Emissions in the spotlight at Art Business Conference



The panel discussion on sustainability held at the Art Business Conference held in London on March 25, 2022.

Speaking at The Art Business Conference, a group of specialists discussed how sustainability can be improved across the sector. 

Moderated by art critic Louisa Buck at Church House, Westminster, topics on shipping, business travel and packaging were up for discussion. 

Buck said: “As the art world gears up for more travel with fairs, it poses considerable challenges for sustainability.”

One of the largest producers of emissions for the sector is shipping by air. 

However the speakers argued that air freight will not be replaced any time soon. 

Cliodhna Murphy, at gallery at Hauser & Wirth, said: “Investigating sustainable air fuel is a focus as air freight is not going away.”

The feasibility of sea freight was also discussed with concerns raised about insurance firms making it too difficult. Chris Bentley at AXA countered: “Sea transit is more risky but it is not true that there is not a way to work with insurers to do it.”

He said the majority of insurers do not prevent shipping by sea. But it is about collaboration and working with companies to improve. “At the moment sea transit is more expensive but the more we can work together there can be a way to manage this. For instance, working more with the marine industry on how things are managed to reduce risks and costs.”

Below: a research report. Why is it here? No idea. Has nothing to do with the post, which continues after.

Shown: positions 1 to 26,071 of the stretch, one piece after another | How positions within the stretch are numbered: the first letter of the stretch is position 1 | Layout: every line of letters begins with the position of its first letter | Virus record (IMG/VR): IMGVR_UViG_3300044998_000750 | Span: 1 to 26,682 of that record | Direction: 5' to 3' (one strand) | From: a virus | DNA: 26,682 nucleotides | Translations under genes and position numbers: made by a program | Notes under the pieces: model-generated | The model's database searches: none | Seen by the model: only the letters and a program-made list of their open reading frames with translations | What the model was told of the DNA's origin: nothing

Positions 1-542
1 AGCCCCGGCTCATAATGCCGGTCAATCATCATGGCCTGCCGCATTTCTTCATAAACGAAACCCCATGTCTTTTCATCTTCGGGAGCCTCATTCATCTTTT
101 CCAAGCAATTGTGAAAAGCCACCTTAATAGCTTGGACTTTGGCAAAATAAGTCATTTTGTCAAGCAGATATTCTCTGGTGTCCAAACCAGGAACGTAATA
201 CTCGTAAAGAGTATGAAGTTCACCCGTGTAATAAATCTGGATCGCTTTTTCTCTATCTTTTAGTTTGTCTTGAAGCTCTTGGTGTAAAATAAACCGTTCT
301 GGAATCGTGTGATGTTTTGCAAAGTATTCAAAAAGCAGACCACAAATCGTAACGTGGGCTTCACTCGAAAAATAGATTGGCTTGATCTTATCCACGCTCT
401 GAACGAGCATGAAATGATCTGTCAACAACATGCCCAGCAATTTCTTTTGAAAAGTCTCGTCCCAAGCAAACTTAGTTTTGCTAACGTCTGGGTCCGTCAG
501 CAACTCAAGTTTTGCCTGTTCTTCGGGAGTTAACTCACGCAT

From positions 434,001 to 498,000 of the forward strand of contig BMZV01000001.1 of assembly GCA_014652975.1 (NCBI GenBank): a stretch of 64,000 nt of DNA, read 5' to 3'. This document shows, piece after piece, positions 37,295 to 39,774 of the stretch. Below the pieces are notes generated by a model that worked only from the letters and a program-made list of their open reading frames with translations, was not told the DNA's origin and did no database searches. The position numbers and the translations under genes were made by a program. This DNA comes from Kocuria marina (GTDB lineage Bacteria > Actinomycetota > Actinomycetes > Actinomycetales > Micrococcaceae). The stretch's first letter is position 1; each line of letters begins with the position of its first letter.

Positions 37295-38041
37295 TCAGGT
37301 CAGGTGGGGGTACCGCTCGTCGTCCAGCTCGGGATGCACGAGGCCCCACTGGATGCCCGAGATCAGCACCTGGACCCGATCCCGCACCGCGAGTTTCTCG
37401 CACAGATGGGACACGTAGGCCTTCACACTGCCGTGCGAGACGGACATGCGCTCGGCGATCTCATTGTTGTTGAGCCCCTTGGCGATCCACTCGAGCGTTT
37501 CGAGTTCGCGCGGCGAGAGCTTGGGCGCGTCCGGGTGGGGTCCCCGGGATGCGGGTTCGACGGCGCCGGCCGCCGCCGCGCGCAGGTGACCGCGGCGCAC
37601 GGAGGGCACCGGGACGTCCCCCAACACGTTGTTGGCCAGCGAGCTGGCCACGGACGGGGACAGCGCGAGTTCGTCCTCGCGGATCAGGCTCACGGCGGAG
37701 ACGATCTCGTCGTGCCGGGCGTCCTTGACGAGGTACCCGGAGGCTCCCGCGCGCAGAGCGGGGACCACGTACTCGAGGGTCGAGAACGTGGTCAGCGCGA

However, he said other areas to reduce emissions should also be focused on areas such as “packaging and the use of technology. Don’t just focus on the mode of transport as a way to be more sustainable.”

Imogen Prus, at shipping firm Convelio, said: “The second highest emissions area for us is wood crating. We plan to roll out new solutions on this. The big issue is the waste of plastics. But the key is to work with suppliers on packaging.”

Tom Woolston at Christie’s, said: “It is important for companies to be open and honest about carbon emissions. We publish it yearly and detail how we are progressing toward our targets. Creating the right measuring tools is very important. 

“The four main sources of emissions for Christie’s are the buildings, business travel, shipping and publishing activity. We have plans to decarbonise in all these areas.”

All the speakers lauded the efforts of the Gallery Climate Coalition (GCC), a not-for-profit group founded by London-based gallerists and professionals.

Murphy added: “There is a ground swell within the wider art world. From artists and collectors, to focus on sustainability.”

Other topics discussed at the conference included Contemporary African art, women innovating in art, technology and finance and NFTs. 

https://www.antiquestradegazette.com/news/2022/emissions-in-the-spotlight-at-art-business-conference/

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